Mexico resisted an early, strict lockdown. More than half of the country’s adults work in the informal sector, as gardeners, plumbers, taco vendors. If they were forced to stay home too long, López-Gatell said, “this would cause huge disturbances.” The government declined to deploy security forces to enforce quarantines, as other countries have done, fearing clashes between police and the hungry poor.

Critics say López Obrador’s early dismissal of the coronavirus might have prompted people to flout lockdown rules. Cruz suggested another reason: They needed to earn money.

“These people surely had no way to survive beyond a few weeks,” he said.

‘At night, my goodness, it’s chaos’

Before the pandemic struck, Mexico City had 500 intensive-care beds — about one-third the number in New York City. Nationwide, there was a chronic shortage of doctors and nurses in the mostly government-run system.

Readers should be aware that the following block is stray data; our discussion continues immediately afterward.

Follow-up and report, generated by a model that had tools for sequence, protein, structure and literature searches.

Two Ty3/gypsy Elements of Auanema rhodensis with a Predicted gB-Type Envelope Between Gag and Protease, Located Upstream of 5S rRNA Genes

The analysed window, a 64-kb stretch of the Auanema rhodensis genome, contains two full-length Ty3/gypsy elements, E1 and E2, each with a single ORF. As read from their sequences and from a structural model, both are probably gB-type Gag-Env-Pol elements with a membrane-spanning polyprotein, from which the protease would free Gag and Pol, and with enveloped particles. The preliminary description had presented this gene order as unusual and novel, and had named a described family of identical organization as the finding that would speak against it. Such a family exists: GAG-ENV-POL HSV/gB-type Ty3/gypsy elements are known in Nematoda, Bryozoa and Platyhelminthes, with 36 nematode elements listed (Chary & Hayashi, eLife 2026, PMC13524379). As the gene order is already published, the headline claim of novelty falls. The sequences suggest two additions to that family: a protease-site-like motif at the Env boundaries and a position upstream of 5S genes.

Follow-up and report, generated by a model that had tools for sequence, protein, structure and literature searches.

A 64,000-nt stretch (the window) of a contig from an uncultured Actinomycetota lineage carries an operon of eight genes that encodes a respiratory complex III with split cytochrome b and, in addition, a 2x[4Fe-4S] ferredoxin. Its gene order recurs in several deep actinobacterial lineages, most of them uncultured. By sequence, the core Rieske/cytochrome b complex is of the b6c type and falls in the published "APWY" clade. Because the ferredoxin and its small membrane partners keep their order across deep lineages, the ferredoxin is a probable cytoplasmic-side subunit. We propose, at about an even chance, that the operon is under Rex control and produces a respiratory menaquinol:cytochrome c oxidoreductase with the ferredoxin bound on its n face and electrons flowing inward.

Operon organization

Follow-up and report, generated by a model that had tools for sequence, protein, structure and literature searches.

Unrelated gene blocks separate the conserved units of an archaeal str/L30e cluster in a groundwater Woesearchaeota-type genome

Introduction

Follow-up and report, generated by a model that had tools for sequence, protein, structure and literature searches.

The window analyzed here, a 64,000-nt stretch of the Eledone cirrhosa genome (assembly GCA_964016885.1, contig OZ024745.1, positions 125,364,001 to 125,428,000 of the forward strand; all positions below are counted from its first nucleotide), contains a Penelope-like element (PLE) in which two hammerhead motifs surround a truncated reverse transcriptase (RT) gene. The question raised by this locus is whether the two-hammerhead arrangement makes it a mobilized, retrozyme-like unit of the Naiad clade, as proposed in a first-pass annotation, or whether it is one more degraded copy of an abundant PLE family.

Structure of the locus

Authorities launched a crash program to scale up.

More than 40,000 people were hired. Private hospitals agreed to take on thousands of patients for routine surgeries to free up the public system. The military and social security systems opened their hospitals. Beds were added in tent hospitals, a convention center, a racetrack.

Samuel Ponce de León studies infectious disease at the National Autonomous University of Mexico. Without the massive effort, he said, “the scenario would have been people dropping in the streets outside the hospitals.”

But Mexico’s health system had been weakened by years of underinvestment. It quickly showed signs of strain.

“We begged for face masks,” said Gabriela González de Cosio, an internist at a government hospital in Tlalnepantla, just outside Mexico City. Without decent equipment, she and 43 colleagues ended up infected.